Actions still needed on bank payday, overdraft fees and more
Dissatisfaction with banking practices and policies have irritated, alienated and obligated customers in ways that did not seem fair at all. Although complaints ranged from mortgage lending and servicing to credit cards, the proverbial straw that broke was a new fee for use of debit cards.
In a series of late September announcements, many major banks advised customers of new fees. While some banks preferred monthly fees ranged from $3 to $5, others would test or “assess” fees per purchase.
In the throes of a lingering recessionary economy, high unemployment, growing poverty, and not enough jobs for millions of Americans to be financially self-sufficient, consumers revolted with a coordinated national effort called “Bank Transfer Day.” November 5 was the designated day for consumers across the country to leave their banks and join local credit unions.
Yet many consumers chose to act right away. Before “Bank Transfer Day”, the Washington Post recently reported that over the past month, the National Association of Federal Credit Unions recorded a 350 percent increase in Web traffic to its online credit union locator. The portal, www.CULookup.com matches visitors with institutions they might be eligible to join based on affiliations, such as school, employer or church.
According to Bill Cheney, CEO of the Credit Union National Association (CUNA), “If all of the people signed up to participate in “Bank Transfer Day” on Saturday do so, and remain credit union members over the year that follows, those consumers will save a combined $4.8 million. Combine that with the $5 per month that they WON’T be paying in debit card fees, and you’re up to $5.1 million.”
With consumers everywhere needing to contain costs and stretch dollars further, it would be wonderful if November 5 marked the beginning rather than an end to consumers acting in concert to change bank practices. Consumers clearly understood the new debit card fee; far less clarity surrounds overdraft fees, a nagging consumer nemesis. All too often, consumers do not know of these mounting charges until they receive a bank statement. According to research by the Center for Responsible Lending, bank overdraft fees cost customers $24 billion each year.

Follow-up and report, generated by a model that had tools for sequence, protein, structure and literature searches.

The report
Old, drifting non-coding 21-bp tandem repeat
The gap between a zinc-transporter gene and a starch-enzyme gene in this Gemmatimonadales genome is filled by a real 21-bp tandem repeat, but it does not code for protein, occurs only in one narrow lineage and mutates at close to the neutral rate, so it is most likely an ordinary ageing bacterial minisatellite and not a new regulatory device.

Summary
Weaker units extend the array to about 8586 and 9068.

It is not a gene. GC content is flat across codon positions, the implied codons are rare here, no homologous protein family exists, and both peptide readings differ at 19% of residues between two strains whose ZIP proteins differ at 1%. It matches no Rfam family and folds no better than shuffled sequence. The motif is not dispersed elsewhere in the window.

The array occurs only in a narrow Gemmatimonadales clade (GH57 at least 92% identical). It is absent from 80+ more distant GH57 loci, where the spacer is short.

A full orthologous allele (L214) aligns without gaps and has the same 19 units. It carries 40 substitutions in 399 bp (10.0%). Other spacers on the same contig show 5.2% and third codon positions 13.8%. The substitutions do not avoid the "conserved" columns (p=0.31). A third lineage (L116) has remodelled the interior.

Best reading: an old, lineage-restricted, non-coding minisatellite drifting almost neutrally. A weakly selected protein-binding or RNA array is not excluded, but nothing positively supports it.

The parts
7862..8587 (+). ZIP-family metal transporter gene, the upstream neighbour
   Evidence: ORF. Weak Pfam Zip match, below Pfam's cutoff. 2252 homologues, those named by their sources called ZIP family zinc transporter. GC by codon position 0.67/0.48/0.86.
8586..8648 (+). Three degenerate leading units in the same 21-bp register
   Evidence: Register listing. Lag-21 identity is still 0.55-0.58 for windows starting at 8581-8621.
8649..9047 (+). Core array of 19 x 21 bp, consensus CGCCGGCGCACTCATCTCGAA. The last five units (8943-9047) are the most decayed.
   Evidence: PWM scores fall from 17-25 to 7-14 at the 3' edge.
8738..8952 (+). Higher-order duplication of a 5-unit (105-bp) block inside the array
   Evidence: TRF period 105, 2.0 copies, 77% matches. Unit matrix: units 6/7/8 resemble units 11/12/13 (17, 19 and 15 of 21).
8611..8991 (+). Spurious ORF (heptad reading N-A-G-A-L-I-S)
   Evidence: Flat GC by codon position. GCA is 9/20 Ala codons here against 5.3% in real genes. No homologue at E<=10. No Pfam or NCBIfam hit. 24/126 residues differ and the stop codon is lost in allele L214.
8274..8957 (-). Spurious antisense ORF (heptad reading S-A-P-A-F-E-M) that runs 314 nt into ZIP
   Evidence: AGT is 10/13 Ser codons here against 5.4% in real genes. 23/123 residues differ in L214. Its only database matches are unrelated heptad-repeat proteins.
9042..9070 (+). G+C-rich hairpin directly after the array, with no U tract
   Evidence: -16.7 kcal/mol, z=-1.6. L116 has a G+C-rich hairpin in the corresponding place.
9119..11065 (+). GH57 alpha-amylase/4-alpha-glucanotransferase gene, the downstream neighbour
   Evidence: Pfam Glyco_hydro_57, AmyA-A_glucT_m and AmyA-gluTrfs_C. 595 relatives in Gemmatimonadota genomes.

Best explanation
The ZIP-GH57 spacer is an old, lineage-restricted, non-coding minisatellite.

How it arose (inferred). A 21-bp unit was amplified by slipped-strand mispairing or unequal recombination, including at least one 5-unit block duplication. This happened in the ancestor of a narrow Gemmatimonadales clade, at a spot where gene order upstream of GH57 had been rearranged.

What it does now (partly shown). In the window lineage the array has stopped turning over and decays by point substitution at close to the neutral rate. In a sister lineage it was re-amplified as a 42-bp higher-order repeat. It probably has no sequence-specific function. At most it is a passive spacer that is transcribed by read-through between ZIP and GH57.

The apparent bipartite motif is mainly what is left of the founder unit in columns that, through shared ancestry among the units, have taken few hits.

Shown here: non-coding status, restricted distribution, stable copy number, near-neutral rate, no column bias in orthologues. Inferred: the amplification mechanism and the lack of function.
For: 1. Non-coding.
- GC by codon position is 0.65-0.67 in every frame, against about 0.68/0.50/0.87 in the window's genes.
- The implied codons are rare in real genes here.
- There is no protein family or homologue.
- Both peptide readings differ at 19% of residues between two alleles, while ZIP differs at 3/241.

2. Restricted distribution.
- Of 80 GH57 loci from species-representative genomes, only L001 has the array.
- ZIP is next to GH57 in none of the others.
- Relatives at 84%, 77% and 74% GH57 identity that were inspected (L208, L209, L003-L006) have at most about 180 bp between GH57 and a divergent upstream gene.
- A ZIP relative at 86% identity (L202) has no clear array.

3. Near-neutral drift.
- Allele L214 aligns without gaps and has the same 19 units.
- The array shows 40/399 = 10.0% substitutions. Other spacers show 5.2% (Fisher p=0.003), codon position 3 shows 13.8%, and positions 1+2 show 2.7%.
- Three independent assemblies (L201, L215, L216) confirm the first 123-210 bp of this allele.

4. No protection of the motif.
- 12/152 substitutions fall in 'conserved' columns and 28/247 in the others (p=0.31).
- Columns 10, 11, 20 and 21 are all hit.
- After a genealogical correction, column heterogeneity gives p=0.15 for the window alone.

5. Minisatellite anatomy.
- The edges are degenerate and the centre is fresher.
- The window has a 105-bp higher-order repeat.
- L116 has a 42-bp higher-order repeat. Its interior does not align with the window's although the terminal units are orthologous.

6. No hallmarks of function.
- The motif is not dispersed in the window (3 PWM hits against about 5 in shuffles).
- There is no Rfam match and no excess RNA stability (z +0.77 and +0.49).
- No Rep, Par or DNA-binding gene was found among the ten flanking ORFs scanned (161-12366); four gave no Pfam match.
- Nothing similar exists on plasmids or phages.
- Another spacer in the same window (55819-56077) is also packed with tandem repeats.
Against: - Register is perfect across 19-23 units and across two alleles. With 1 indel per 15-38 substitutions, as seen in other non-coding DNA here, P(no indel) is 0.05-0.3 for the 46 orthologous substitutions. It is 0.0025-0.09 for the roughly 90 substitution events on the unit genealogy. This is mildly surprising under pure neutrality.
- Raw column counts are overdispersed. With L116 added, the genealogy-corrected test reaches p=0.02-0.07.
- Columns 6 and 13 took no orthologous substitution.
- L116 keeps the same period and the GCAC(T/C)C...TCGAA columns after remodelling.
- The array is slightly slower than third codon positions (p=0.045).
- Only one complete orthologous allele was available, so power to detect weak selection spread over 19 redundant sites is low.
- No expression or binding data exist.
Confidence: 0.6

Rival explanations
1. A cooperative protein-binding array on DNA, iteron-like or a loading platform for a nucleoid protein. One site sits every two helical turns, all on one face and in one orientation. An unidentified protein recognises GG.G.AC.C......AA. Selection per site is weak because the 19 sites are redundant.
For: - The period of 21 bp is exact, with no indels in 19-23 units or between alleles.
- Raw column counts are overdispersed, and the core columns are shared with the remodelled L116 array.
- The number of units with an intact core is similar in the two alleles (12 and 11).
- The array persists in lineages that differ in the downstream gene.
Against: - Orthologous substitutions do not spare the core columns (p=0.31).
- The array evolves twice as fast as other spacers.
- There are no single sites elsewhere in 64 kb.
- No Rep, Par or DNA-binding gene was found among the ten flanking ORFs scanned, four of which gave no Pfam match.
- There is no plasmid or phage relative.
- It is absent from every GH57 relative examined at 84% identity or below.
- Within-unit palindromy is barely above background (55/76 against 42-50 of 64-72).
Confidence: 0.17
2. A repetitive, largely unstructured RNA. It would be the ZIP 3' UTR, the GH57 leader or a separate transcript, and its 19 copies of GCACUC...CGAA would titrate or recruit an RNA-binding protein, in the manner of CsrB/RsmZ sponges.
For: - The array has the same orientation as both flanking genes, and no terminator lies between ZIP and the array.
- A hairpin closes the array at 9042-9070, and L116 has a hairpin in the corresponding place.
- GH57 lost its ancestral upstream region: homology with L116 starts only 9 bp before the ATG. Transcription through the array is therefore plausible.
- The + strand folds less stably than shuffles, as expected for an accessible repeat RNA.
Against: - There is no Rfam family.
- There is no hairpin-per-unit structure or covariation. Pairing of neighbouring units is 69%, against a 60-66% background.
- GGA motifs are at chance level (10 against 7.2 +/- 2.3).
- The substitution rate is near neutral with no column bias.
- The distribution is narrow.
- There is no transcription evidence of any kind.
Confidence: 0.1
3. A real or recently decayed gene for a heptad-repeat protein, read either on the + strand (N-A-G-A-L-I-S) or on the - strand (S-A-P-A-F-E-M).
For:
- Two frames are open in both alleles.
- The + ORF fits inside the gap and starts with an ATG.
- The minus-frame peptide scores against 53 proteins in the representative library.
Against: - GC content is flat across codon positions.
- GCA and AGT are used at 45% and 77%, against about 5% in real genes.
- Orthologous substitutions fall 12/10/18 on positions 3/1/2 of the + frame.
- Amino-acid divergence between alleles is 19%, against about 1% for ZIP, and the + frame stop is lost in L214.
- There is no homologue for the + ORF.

Although the Dodd-Frank Consumer Protection Act guarantees that banks can only assess these fees once a customer opts in, there is still something inherently unfair about an average $35 fee per debit card transaction instead of just declining a purchase and avoiding the fee. CRL research also found overwhelming consumer support for the fee-free denial.
Then there is the emergence of bank payday lending. This no-lose proposition for banks deducts the full amount of an advance deposit loan — plus fees from a customer’s next deposit. The result for the customer is the same turnstile of debt wrought from storefront payday lenders. Each year, the cycle of debt caused by payday loans — regardless of the lender — costs 12 million consumers $1.4 billion in fees alone.
Whatever results from Bank Transfer Day, one thing is as commendable as it is memorable: Consumers have moved from anger to direct actions in their own defense. The collective power of millions of nameless, faceless consumers was claimed.
Here’s hoping that power will be preserved and wielded to enact more progressive change. — (NNPA)